Published in National Post. [Toronto magazine, Sep. 6, 2008]
Now featuring girls in glasses!
Queer writing festival about more than just words
The early Sunday drizzle on Aug. 24 couldn't keep hundreds of attendees off Church Street and acclaimed writer/director John Cameron Mitchell rewarded those at the Writing Outside the Margins festival with his take on the slippery nature of attraction.
"The kiss is the gateway drug," the Hedwig and the Angry Inch star told the crowd. "It usually tells you what's going to follow."
Hosted by Xtra magazine, the second annual literary fest took over Church Street from Alexander to Gloucester. Authors ranging from San Francisco-based memoirist Michelle Tea to musician/first-time author Kinnie Starr graced the two stages and answered questions from the crowd after their readings.
"It's great to see the city shut down city blocks for gay people," Starr said.
With a mandate that organizer Brandon Sawh described as "celebrating and supporting the local queer artists and the arts community," the event featured the Pink Ink Open Mic stage, which provided amateur writers 15 minutes of stage time to read their works. Da Kink In My Hair scribe trey anthony participated in a roundtable discussion that explored the challenges of being a queer writer of colour.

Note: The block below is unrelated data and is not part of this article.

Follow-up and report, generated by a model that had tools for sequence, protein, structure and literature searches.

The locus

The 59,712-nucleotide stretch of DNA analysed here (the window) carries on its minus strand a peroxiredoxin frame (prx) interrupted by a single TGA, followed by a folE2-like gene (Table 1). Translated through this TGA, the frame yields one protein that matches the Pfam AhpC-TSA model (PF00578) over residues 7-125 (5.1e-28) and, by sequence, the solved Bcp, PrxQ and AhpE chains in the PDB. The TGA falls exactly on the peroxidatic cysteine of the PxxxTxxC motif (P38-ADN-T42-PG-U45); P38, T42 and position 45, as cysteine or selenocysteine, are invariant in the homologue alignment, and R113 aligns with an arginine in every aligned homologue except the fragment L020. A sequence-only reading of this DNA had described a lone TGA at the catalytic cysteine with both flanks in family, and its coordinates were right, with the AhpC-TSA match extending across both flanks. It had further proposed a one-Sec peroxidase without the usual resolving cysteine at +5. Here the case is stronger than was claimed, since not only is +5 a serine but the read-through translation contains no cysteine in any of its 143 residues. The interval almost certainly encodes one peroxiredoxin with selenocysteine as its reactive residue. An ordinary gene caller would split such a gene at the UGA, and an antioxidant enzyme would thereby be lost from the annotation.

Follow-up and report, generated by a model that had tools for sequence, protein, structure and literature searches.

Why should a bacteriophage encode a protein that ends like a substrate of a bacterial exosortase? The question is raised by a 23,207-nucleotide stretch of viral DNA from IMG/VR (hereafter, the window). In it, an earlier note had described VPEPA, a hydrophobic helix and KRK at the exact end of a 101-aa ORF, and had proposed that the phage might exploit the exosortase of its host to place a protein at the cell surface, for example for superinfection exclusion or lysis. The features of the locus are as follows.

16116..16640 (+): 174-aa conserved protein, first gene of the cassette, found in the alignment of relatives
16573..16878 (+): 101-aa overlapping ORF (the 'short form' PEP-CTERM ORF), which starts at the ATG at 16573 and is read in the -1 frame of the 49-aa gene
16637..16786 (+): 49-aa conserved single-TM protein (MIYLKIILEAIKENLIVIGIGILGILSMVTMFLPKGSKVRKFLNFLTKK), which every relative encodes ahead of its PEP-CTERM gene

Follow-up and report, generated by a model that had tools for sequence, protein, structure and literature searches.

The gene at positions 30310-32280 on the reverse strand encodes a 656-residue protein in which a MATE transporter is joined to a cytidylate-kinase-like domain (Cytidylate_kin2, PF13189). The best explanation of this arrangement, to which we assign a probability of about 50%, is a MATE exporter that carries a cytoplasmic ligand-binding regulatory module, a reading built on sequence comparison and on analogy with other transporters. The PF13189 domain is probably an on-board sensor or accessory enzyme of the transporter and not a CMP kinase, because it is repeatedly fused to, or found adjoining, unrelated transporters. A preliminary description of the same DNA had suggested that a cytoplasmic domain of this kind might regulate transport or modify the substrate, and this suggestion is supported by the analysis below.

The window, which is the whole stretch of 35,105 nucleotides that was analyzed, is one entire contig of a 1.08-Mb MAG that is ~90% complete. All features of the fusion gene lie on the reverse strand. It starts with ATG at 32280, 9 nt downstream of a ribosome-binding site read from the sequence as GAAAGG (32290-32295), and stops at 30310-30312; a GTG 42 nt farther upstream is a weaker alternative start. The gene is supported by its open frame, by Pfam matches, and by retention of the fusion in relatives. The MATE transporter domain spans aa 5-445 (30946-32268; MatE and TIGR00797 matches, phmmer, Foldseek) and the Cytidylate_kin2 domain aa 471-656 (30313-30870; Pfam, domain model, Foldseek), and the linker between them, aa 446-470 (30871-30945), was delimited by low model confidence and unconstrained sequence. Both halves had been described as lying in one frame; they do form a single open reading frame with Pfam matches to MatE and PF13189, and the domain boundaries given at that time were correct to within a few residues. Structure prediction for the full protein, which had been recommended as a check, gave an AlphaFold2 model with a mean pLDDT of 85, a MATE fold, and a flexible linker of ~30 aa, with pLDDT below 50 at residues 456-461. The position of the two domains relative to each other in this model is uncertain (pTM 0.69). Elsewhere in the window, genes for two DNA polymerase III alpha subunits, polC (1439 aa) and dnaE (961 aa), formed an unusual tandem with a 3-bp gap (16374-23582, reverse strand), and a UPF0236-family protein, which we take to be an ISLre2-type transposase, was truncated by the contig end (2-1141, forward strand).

"When you reach a certain level of success, it's always great to give back to people who are just starting up," anthony said. "It's also great to be a part of community events because, a lot of times, you're divided from what's actually happening on the ground level."
Amy Clarke was one of those people on the ground level seizing the spotlight. Performing for the first time at last year's inaugural fest, Clarke wowed the open mic stage and won the slam poetry contest.
"There are three things that I love about this festival," Clarke said between events. "Writers, queer people and all the girls in glasses who are so cute."
Link to story in National Post here.